Dracula (1931)


As much as I’d like to say Nosferatu is the classic vampire flick it’s much more likely to be Dracula. If you ask the average movie watcher what the classic vampire actor is they are going to say Bela Lugosi. He defined what the vampire was, a thickly accented, suave upper class vampire masquerading as a man. I say was because until the last couple of decades he was the dominant portrayal of vampires in the media. So what makes his once dominant popularity worth revisiting? I don’t know, you tell me.

The story, for those still unfamiliar, is one of blood and madness, passion and horror. It’s also one of deception and illusion. You know, all the good vampire stuff that substitutes sex for violence. Count Dracula (Bela Lugosi) moves into England and is able to pass off as a member of society, in part due to his suave looks and in part due to his supernatural ability to influence frail human mindss. It’s not long before he sets his sights on the young woman Mina (Helen Chandler). Those surrounding her know she is in some kind of distress no one is sure what to do until Professor Van Helsing (Edward Van Sloan) arrives.


The story is all but familiar now, but watching it for the first time it’s surprising how fast the film moves. Dracula’s first victim is done for in the first ten minutes, a solicitor named Renfield (Dwight Frye) who sells Dracula his English home. Then it’s off to England to meet the girl and begin the preying. While it never gets dull in the sense that there are few scenes where something isn’t happening, the film just isn’t suspenseful. There’s no buildup or tension created. Things just happen as the film goes along. Furthermore, everyone is criminally underdeveloped, meaning that we don’t care about the fate of these characters in the least.

It also doesn’t help that the one character that has the most to lose is played by the worst actor. David Manners plays the fiancé of Mina who is as clearly distressed as he is a bad actor. It’s not that he lacks sincerity, it’s that he overcompensates. It has this quality of constant overreaction and forced confliction that makes the performance almost grating.


To compensate for it is the excellent performance by Bela Lugosi. Examining Bela Lugosi’s performance becomes frustrating given the fact that for better or worse it has now perpetuated a stereotype for over seventy years.  What can be said is that his voice is unsettling and his gaze is more than a little creepy. It’s hard to not read the performance as deliberate campy given the decades of parody since but it’s still effective and entertaining.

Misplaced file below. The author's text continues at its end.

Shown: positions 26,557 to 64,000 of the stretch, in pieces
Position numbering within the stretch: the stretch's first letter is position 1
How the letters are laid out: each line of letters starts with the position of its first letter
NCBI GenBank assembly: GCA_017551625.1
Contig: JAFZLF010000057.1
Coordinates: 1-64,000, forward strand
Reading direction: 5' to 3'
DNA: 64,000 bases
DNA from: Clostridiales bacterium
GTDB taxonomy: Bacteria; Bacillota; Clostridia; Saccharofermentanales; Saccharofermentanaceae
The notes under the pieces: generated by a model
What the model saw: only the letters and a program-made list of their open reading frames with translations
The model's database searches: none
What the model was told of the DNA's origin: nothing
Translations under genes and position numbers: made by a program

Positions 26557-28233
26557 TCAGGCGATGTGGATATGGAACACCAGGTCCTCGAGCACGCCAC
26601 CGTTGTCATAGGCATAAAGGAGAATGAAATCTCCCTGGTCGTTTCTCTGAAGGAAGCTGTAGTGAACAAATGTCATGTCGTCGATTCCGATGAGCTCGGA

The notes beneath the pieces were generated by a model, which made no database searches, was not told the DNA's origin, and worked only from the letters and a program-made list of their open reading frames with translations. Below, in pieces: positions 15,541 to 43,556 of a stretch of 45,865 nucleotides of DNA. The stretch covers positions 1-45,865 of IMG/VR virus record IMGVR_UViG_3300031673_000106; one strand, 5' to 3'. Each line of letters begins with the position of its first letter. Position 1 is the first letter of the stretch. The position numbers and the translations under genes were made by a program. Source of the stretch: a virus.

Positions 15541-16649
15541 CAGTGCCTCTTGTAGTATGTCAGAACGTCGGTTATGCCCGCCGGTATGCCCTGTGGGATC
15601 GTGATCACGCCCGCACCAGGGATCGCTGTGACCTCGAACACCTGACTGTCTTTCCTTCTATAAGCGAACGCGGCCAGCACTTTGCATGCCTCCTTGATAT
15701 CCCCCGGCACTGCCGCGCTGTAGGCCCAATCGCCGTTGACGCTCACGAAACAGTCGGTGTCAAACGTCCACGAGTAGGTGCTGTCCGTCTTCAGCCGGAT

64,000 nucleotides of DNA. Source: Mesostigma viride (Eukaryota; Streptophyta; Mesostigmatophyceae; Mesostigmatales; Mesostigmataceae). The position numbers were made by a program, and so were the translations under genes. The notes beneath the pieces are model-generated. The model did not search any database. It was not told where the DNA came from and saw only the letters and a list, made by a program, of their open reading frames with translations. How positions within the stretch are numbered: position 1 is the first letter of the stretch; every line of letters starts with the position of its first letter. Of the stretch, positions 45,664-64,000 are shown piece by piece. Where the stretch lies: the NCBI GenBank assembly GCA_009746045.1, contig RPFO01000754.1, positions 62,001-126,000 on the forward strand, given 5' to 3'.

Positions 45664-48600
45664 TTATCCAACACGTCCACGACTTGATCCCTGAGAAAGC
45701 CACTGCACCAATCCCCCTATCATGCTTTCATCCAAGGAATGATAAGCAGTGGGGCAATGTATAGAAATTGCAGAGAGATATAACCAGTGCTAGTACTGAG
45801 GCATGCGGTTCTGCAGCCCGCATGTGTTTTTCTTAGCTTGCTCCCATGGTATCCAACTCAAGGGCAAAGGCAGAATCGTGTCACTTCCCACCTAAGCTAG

But I wonder:  was the film intended to be a serious horror flick or a b-movie? In today’s world with all our sophisticated views of vampires and technological leaps it’s easy to look down on Dracula as some trashy filmmaking. The effects most certainly are some of the poorest I’ve seen on film (but I’ve yet to see an Ed Wood movie so give me time) with obvious mock spiders and bats. Given how much the film uses them you’d think they would invest some time to make them look real.


Also, there’s the conclusion, which is so ridiculously preposterous and unexplained that it almost demands that the film be made as a joke. The sound quality is grating and while this is the early years of sound the crazy amount of fluctuations in voice levels and amount of static makes it smack of amateur sound design. Historical accounts tell us the production was nothing short of a disaster so it’s likely most of the film was intended to be good but that doesn’t stop the film from having some retrospective campiness.

The history of the production, while tempting to dive into, is irrelevant. What matters is the finish product. Dracula for all its cultural relevance and iconic moments fails to work as horror. Even the story fails to fulfill on that level. For movie buffs Bela Lugosi is worth experiencing but for people who want a decent vampire flick look to Nosferatu. It’s has a good ending, characters we care about and suspense, giving it the three things Dracula needed. Most importantly, it creates a feeling of dread and fear, a feeling I never felt through Dracula.

© 2009 James Blake Ewing